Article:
4. Learn More About Addiction – Learning more about addiction can help you to understand the choices your loved one made and why those choices were made. It can also help you to forgive them, because you can understand why they acted the way they did. “Beyond Addiction: How Science and Kindness Help People Change” by Carrie Wilkens, Jeffrey Foote, and Nicole Kosanke and “Why Don’t They Just Quit” by Joe Herzanek are two resources you can use to learn more about addiction.

5. Don’t Blame Yourself – There is never a point in which a person’s addiction is your fault. Even if you make bad choices, deal with their mistakes and emotions badly, or react with anger when you should react with understanding, their addiction is not your fault. While codependency and enabling are each problems, you are not responsible for their addiction. They make their own choices. However, if you feel that you are playing a part in enabling their addiction, it is important that you seek help. There are numerous therapists and groups dedicated to helping codependents and to helping family members move away from enabling behavior.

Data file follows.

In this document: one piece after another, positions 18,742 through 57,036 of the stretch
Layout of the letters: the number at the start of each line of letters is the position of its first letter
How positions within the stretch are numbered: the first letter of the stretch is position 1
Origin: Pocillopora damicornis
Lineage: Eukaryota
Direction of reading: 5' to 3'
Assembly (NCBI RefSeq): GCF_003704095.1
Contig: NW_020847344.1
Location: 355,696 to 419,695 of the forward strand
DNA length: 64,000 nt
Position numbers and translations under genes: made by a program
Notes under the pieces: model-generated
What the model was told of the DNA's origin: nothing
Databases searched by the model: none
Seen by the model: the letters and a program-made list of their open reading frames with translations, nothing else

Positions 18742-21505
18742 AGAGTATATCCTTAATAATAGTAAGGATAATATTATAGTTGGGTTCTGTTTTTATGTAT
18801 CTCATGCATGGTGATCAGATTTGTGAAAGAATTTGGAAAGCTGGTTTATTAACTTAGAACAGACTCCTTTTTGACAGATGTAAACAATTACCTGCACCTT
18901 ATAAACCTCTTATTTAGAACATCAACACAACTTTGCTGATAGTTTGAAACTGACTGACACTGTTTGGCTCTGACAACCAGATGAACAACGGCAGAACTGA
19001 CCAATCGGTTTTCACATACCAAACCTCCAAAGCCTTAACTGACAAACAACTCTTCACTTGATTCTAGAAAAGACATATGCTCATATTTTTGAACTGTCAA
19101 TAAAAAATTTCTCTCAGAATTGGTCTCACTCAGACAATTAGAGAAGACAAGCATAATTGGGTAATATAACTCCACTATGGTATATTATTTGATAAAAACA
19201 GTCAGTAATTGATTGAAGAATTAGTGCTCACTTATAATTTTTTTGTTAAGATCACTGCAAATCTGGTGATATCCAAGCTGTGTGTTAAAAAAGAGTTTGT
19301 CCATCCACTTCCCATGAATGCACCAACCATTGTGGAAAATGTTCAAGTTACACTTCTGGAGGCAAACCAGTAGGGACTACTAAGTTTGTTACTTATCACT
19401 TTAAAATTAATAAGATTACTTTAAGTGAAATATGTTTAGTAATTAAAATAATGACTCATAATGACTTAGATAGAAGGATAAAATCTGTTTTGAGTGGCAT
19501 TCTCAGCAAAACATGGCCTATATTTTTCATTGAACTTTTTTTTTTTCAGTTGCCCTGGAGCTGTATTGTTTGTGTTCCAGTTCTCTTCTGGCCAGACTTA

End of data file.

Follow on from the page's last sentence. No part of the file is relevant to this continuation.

6. Establish Boundaries – Forgiveness is not letting an addict get away with anything, it is not ignoring their past behavior, it is not creating a clean slate, and it is not about suppressing your emotions or eliminating the consequences of their actions. You are likely rightfully hurt, emotionally damaged, and angry over their behavior, and they have to recognize that, give you space, and respect your boundaries. Decide when to say no, and stick to it.